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The Office of United States President
Facts and Trivia
The long list of men who have served as president of the United States includes a wide variety
of backgrounds, ages, educational attainments, and service. Each man in the top spot
contributed in his own way?some were more popular than others. ?The times make the
president? is a true statement, alluding to the fact that the economy and world events often
shape the public perception of the sitting president. Poor economic times are often blamed on a
president who is unable to effect a turn of economic tide quickly enough to satisfy a populace
weary of struggling monetarily. War is never popular; however, in many cases a war has actually
made a president more popular than he would have been if left to his own devices. For
example, Franklin Roosevelt?s performance during World War II made him a wildly popular
president. On the other hand, Lyndon Johnson bore much of the brunt of the extremely
unpopular conflict in Vietnam. His presidency suffered as a result, overshadowing even his
immense strides in the area of civil rights. No matter how talented or likeable is the man who is
elected president of the United States, his popularity is in large part determined by the times.
Were a woman elected, her lot would most likely be no different.
The Most Influential Presidents
If several people were assigned the task of developing a list of the most influential presidents of
the United States, each list would no doubt be different. That is because there is no succinct set
of determining factors. What is important to one person might not be quite so monumental to
another. Even so, several of the following ten presidents would most likely appear on most lists.
These presidents served during times of national crisis, which proved the mettle of each man.
Abraham Lincoln served as the 16th president during the American Civil War. His election was a
precursor to the Civil War, as southern states viewed the election as a threat to their way of life.
His leadership during the devastating national conflict was one of unswerving devotion to cause.
His actions not only preserved the union, but led to the abolition of slavery. Although he had
planned for a smooth and compassionate reuniting of the wayward states after the war was
over, he was not able to see his plans through. He was assassinated in April 1865, an act that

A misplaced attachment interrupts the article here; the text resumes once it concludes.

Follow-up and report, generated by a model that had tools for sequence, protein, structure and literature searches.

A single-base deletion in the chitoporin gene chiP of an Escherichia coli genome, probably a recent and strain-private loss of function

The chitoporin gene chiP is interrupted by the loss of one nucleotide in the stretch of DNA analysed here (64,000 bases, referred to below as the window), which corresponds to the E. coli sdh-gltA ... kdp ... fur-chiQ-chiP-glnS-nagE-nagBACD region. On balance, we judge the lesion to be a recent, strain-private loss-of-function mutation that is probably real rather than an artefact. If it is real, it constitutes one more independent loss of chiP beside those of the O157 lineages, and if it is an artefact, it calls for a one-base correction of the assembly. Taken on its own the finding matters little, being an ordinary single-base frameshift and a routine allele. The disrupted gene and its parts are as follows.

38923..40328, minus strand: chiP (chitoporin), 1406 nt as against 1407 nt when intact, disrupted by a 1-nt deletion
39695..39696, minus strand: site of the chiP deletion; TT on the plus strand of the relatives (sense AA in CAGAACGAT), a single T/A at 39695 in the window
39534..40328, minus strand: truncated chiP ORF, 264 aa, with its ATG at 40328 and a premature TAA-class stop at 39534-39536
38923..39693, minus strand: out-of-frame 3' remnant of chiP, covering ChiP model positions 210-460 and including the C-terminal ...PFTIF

plunged the country into a dark period of reconstruction.
Franklin Delano Roosevelt (FDR) won four terms as president, making him the only president to
serve more than eight consecutive years. Since his presidency, the office of President of the
United States is limited to no more than two consecutive terms. His influence had a large impact
on the United States, as he led the country out of the Great Depression and nearly through World War II. To say the least, his time in office was taxing both physically and mentally.
Perhaps his biggest accomplishment was the creation of numerous programs through his New
George Washington served as the first president, after having led the United States through the
Revolutionary War. His Continental Army was outmanned, and often on the brink of failure, but
his fortitude and leadership skills continually reignited the fervor of independence. His
administration set the precedent for those who followed in his footsteps; in fact, his retirement
after only two terms was followed by all presidents except Franklin Roosevelt, until it was finally
enacted into law by the 22nd amendment to the Constitution. Washington?s lack of desire to be
viewed as a monarch set the tone for all ?citizen? presidents to follow.
Thomas Jefferson is perhaps best remembered for his purchase of land that doubled the United
States overnight?the Louisiana Purchase. He was a strong states? rights advocate who also
recognized the need for a strong central government. His leadership during America?s infancy
helped set a course for independence and freedom that Americans continue to value and
Andrew Jackson was the first ?common man? president. He was the epitome of America?s
frontier spirit, and was elected by the common populace in preference over the more genteel
pattern of previous presidents. His humble beginnings and fierce zeal for the advancement of all